In 1903 Arthur Cripps claimed the Australian Middleweight crown. He would then win this title on and off between the years 1903 to 1909.
A property at Broadwater (Nanango) brought Arthur, his wife Mary and their daughter Violet to the region to begin a farming life. Arthur held boxing fund raising activities and assisted many young men in gaining expertise in the boxing arena such as Bill Ewart of Nanango.
In 1916 at the age of 35 (which was not the norm as the average age of men enlisting was 26) Arthur enlisted as a driver in the Engineers. This grabbed the attention of Australians with newspaper headlines reading “Arthur Cripps gone to the front!” (16 May 1917). He also made headlines again upon his return in August 1919.
After the war Arthur returned to Nanango where he was the Post Office Hotel Proprietor, Chairman of the local football club (1923to 1925) and Director of the Dairy Company (1923). However, before his daughter Violet was 21 years old he decided to move the family to Brisbane.
In 1934 Arthur Cripps passed away.
A mild-mannered man – a home lover – an ace high husband and father – and a wonderful glove fighter!
Arthur Cripps with his wife Mary and daughter Violet (dress in white with pig tails)
Arthur Cripps dressed in his army uniform
https://www.discoversouthburnett.com.au/wp-content/uploads/2017/03/Arthur-Cripps-1.jpg402200Stacey Perretthttps://www.discoversouthburnett.com.au/wp-content/uploads/2018/01/Discover-South-Burnett-RESIZE-300x185.pngStacey Perrett2017-03-21 01:28:472017-03-21 01:28:47Legends of the South Burnett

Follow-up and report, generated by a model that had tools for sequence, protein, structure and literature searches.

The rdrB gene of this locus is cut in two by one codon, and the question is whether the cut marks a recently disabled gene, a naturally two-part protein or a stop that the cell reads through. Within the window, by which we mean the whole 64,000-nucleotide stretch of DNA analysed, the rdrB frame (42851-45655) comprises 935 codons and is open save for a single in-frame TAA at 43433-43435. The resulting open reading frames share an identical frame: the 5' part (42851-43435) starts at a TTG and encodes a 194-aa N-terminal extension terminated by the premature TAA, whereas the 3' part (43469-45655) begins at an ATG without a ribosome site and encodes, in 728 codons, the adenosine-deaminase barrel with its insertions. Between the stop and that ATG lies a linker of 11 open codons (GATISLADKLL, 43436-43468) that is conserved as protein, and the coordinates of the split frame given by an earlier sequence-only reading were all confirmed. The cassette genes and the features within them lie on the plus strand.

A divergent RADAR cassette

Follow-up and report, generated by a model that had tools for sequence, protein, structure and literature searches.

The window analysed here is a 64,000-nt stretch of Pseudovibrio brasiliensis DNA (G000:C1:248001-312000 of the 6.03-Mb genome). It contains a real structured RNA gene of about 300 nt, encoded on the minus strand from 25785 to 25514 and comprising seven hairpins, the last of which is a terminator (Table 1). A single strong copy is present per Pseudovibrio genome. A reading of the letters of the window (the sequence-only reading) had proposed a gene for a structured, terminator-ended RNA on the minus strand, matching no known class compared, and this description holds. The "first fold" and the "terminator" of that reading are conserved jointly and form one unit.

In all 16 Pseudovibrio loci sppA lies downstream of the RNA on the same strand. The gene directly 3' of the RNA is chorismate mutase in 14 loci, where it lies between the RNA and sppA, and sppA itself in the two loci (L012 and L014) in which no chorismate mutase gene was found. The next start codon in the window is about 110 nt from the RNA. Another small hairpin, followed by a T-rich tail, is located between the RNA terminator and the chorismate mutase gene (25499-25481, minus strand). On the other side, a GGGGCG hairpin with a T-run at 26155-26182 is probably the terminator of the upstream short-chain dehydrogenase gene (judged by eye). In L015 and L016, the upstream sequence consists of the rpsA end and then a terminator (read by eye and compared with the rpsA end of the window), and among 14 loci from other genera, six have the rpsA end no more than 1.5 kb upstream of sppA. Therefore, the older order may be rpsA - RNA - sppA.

The South Burnett Wine and Food in the Park Festival is on again this Saturday 11th March at Memorial Park, Kingaroy.
This is the festival’s 18th year and is a great way of showcases the best of South Burnett wine and food. The event starts at 12 noon and runs till 8:30pm and will have eight hours of live entertainment including street performers and top music acts.
Kevin Liepins a freelance writer has wrote a great article for Weekend Notes on the festival. CLICK HERE to read.
Entertainment at South Burnett Wine and Food in the Park Festival – image from the South Burnett Wine and Food in the Park Festival website
Enjoy wine tastings at the South Burnett Wine and Food in the Park Festival – image from the South Burnett Wine and Food in the Park Festival website
https://www.discoversouthburnett.com.au/wp-content/uploads/2017/03/Wine-Tasting-at-SB-Wine-and-Food-in-the-Park-Festival.jpg534800Stacey Perretthttps://www.discoversouthburnett.com.au/wp-content/uploads/2018/01/Discover-South-Burnett-RESIZE-300x185.pngStacey Perrett2017-03-06 03:47:552017-03-06 03:47:55South Burnett Wine and Food in the Park Festival